August 2, 2019
By: Mike Ferguson
In an era where major media outlets aren’t very trusted, local news sometimes gets a bad rap as it relates to media bias.
Terms like “fake news” are often flung around when mentioning modern media. I would venture to say that most use that term with national cable news in mind or well-known national publications.
While it’s impossible to completely irradiate bias from reporting, my experience in local news leads me to believe that it is pretty rare in local reporting. Unfortunately, it is often assumed that local reporters intentionally slant their coverage. In many cases, these opinions are formed from misconceptions.
Look at the comment section on local news websites or social media pages and you’re sure to see accusations of political bias. Often times, you’ll see commenters arguing in the comment section about where the biases exist.
One big misconception people have is that national news stories are written in local newsrooms. Although the stories appear in local papers, they’re most likely syndicated from the Associated Press, a major publication like the New York Times, Washington Post, or outlets affiliated through the same corporate owner.
It is not uncommon for editorials to be written with a political bias, but in most cases, editorial or opinion sections are entirely separate from the newsroom. Editorial departments do weigh in on local issues and will use excerpts from previous news stories, but the conclusions drawn by the editorial section are not done in conjunction with the reporter.
Another misnomer is that letters to the editor can show a media bias, but letters to the editor can be written by anyone and submitted to the newspaper. On any given date, one may see contrasting views on the same issue. On other days, you may even see letters to the editor written in response to previous letters.
When it comes to newspapers, there is often variance between daily and weekly or monthly publications. The weekly or monthly publications will sometimes force reporters to wear multiple hats as a reporter and a columnist, but in most of those cases, columns pertain to local issues.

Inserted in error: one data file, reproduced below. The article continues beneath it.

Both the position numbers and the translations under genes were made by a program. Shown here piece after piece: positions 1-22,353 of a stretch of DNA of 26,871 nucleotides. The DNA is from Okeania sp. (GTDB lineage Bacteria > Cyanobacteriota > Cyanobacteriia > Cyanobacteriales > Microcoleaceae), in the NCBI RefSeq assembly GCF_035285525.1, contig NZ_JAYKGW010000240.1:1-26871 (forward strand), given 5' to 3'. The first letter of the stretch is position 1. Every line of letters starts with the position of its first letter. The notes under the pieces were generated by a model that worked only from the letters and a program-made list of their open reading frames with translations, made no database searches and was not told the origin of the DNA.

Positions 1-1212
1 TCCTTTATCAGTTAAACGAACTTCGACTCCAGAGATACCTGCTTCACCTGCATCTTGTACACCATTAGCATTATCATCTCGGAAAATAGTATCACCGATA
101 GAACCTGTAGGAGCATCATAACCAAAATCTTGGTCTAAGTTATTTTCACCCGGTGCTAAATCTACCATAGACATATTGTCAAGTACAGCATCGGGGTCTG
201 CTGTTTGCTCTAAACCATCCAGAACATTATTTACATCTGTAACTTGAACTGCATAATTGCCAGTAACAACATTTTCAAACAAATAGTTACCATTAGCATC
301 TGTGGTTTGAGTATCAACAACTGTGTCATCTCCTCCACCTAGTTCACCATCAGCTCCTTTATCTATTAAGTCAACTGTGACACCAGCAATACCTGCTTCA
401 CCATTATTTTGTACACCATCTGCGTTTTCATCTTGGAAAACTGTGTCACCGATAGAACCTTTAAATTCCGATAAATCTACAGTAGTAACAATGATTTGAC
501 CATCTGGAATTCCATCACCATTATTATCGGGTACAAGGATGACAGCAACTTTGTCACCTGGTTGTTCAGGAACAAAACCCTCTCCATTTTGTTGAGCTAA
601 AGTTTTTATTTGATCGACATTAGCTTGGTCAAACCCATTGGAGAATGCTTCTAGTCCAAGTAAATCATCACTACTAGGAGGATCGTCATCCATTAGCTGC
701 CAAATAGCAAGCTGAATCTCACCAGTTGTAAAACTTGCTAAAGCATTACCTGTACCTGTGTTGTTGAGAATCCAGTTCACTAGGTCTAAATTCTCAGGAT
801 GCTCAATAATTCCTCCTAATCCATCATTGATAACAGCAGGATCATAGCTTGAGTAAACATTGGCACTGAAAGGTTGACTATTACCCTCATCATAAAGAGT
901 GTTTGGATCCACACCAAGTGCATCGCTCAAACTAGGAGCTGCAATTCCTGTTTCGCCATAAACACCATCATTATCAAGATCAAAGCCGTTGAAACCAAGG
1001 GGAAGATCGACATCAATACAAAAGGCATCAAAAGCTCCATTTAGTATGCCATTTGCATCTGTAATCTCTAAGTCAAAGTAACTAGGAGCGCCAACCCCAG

As for local issues themselves, very few are partisan along the Democrat vs. Republican, liberal vs. conservative paradigm. In most cases, local reporters do a good job of getting both sides of the issue or at least attempting to do so. With local newsrooms being slashed across the country, reporters in many cases, are having to take on more responsibility than ever before.
Regardless of one's opinion on what is referred to often as the “mainstream media,” local journalism is still the best, most accurate way to stay informed on what’s happening in your backyard. If one takes exception to their reporting, reporters are usually willing to listen. More often than not, local journalists do their due diligence, work to get both sides of the issue and bring to light happenings -- both good and bad -- that a large segment of the public would otherwise know nothing about. They do so on modest salaries and while working odd hours.
About the Author: Mike Ferguson currently serves as the public information officer at the Haines City Police Department. A native of Polk County, Mike previously spent nearly five years as a full-time reporter at The Ledger. Mike contributes to a number of outlets and has work appearing in the Associated Press, Yahoo, FoxSports.com, Athlon Sports and Sports Illustrated online among other publications. Mike earned his bachelor's degree from Florida State University in 2009. Mike and his wife Jennifer live in Davenport, Florida with their two children.
The views expressed in this article are the author's own.